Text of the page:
How to repair mortar joints
Because mortar joints in a masonry wall deteriorate over time due to age, weather, structural settlement and physical damage, heres how to repair mortar joints. Properly maintained mortar joints are a key factor in the longevity of the wall, and if left unrepaired, damaged joints will continue to deteriorate, allowing water into the cavity behind the face brick. Water behind brick face will ultimately lead to the failure of the wall itself, and what started out as a relatively simple, inexpensive repair can become a very costly repair.
Once you have examined the failing mortar joints, estimate the lineal footage of repair you anticipate to repair mortar joints and take a piece of loose mortar to your building supply store. With some professional assistance, you can match the correct mortar color, and determine the type, strength, coefficient of thermal expansion and quantity you need. The new mortar needs to look like, and even more importantly perform like, the existing mortar that remains.
If the cracked mortar joints follow a “stair step” pattern from horizontal to vertical to horizontal and so on, this is a sign of a structural or roof issue. If the stair step occurs in the lower 2/3 of the wall, it is most likely due to foundation settlement or some other structural failure. If the crack is closer to the roof line, it may be an indication that the wall is taking in water, and the freeze-thaw cycle is putting lateral stress on the masonry. Either of these conditions should be investigated for proper diagnosis and repair.
Note: The accurate terminology for the repair of loose or missing sections of mortar joints in existing walls is “repointing.” The term is often confused with “tuckpointing,” which is a way of giving a visual impression that very fine joints have been made by using two contrasting colors of mortar, and “pointing,” which refers to correcting defects or the finished appearance of mortar joints in new masonry walls.[tip id=”9862″]
To repair mortar joints, clean out the damaged joint as thoroughly and carefully as possible. Work slowly and do not damage the brick. On small projects this can be done with a small chisel and a hammer. On newer walls where the mortar may have a higher content of harder Portland cement, or where the linear footage is greater, a power tool with a masonry blade is more effective. Be cautious if you are working with a power tool. The dust created by grinding mortar should not be inhaled, and you should wear proper PPE (personal protective equipment), including a respirator, face mask, gloves and long-sleeved shirts and trousers.
Remove the deteriorated mortar to a depth equal to, or slightly deeper than the height of the joint. If the depth of the removed mortar is greater then 2½ inches, you should re-point with new mortar in several successive passes, and allow each layer of mortar to dry thoroughly. The goal is to create a new joint, as rectangular as possible, that meets sound mortar, to give the mortar a better chance of bonding with the brick above and below the joint.
Mix your mortar in a metal bucket or shallow pan with a masonry trowel. Follow the manufacturer’s instructions, but in general you are trying to achieve the consistency of a thick milk shake, so you can slice a piece with your trowel. You can also add a liquid latex binding agent to improve adhesion and make the new joint more resistant to cracking. Avoid letting the wet mortar come in contact with your skin; the reaction of the lime and Portland cement can cause an irritating burn. If you do get the mortar on your skin, wash it off immediately.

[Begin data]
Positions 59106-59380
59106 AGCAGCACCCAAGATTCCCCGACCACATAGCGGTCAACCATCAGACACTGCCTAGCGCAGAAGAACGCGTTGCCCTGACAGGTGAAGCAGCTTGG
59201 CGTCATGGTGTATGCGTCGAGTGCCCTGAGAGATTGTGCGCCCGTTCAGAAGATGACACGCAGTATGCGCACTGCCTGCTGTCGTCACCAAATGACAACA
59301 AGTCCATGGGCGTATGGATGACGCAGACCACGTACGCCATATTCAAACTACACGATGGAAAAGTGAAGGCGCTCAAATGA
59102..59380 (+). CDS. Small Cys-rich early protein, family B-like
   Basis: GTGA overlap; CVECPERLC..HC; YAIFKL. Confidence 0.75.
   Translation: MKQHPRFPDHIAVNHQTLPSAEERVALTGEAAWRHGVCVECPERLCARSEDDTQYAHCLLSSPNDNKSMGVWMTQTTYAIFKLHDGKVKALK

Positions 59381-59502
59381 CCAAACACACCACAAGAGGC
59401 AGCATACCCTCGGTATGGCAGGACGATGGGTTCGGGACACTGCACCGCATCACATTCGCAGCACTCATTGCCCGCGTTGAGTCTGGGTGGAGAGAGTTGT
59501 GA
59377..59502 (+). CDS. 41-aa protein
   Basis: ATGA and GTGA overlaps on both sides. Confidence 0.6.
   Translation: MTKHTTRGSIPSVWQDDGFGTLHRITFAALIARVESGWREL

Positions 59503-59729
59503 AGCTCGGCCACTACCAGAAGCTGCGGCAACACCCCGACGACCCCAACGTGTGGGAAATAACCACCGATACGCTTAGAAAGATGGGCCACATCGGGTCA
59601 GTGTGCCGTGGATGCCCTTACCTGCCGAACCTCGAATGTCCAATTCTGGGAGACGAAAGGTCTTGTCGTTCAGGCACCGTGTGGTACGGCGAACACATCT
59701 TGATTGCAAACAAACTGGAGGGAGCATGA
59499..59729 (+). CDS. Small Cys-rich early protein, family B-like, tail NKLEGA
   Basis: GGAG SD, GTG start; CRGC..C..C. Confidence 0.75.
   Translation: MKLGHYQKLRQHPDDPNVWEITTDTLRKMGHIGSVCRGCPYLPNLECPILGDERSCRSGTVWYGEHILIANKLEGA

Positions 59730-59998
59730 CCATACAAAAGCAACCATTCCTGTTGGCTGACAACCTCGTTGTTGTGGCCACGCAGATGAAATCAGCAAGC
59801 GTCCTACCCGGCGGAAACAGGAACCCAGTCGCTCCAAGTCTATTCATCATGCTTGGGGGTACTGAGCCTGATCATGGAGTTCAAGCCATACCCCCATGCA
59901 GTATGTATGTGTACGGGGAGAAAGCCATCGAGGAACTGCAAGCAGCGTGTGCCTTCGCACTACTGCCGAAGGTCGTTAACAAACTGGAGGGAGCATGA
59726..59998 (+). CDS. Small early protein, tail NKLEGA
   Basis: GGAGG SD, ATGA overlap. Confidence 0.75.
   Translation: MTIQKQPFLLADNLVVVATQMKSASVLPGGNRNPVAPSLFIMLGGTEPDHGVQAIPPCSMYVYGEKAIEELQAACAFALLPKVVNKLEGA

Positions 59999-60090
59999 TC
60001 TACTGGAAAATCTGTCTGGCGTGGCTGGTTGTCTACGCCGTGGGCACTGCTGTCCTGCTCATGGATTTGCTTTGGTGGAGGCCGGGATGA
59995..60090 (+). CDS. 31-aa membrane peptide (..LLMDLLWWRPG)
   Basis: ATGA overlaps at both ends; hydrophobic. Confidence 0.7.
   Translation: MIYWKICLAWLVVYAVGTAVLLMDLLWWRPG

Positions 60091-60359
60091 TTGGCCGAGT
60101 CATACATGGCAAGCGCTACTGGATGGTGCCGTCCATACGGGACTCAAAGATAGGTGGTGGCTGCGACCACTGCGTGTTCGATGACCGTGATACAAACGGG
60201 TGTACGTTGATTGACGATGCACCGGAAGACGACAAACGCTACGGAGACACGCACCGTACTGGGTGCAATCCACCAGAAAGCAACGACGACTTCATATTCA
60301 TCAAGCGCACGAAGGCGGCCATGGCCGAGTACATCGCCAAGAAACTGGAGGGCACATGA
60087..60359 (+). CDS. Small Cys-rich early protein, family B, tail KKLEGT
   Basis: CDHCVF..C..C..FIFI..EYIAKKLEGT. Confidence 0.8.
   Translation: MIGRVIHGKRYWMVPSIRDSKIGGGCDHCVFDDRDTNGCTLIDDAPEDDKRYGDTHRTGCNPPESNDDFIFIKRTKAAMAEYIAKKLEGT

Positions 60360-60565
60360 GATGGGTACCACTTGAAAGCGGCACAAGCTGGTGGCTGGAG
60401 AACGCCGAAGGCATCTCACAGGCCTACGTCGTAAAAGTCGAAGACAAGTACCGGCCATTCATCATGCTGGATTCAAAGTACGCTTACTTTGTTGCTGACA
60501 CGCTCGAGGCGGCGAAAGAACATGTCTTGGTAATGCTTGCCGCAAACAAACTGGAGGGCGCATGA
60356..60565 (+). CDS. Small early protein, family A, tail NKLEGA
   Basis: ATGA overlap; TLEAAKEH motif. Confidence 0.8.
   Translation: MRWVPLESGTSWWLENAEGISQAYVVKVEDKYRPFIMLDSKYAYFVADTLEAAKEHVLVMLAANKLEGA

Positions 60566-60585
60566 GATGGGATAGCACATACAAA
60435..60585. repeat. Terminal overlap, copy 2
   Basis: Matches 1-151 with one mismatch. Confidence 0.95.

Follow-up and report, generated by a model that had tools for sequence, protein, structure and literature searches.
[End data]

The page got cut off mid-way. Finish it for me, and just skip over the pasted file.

In addition to a masonry trowel, you’ll need a palette, sometimes called a “mortar hawk,” which is basically a thin, square metal plate with a handle below that you can pile the mortar on as you use the trowel to push it into the joint.
You can make your own palette very inexpensively using a 10 inches x 10 inches piece of plywood with something screwed to the underside to act as a handle. You’ll also need a jointer, which is used to apply the final shape to the wet mortar and is typically a concave or “vee” shape. Here to, you want to match the existing joints as closely as possible.
When the joints are cleaned out, the mortar is ready, and you are ready to apply the mortar, mist the joints thoroughly with water. Place some mortar on your palette and hold the edge of the palette against and just below the joint. Using the trowel, rake the mortar and push it into the joint with the trowel. Work on small sections at a time because the mortar will continue to harden in your pan.
Once the mortar is placed and starts to set use the jointer to create the final face surface of the joint.
When the repair is complete, mist the joints again with water, and then daily for the next two to three day. The hotter and drier the climate, the more misting is required, and you may need to cover the joints with plastic to retain moisture. Check with your building supply professional for any local tips that may help you in your specific climate.
After 3 days, scrub the joints lightly with a
wire brush, and wash with water to rinse away any remaining dust or debris.
When you make a visual inspection to determine the condition of the mortar joints, you may notice a white, chalky substance that appears on the face brick. This is called efflorescence and is actually salt within the brick that is leaching out through the brick because water has gotten behind the brick.
In new brick structures, this efflorescence can occur even though the wall is properly constructed. In this case, the brick can be cleaned and the efflorescence should not re-occur. But in older buildings, it’s a strong indication that flashings, caulking, expansion joints, lintels, shelf angles, related masonry details or the mortar joints are failing (likely, it’s a combination of several of these) and allowing water to get behind the brick.
—By Bruce Webb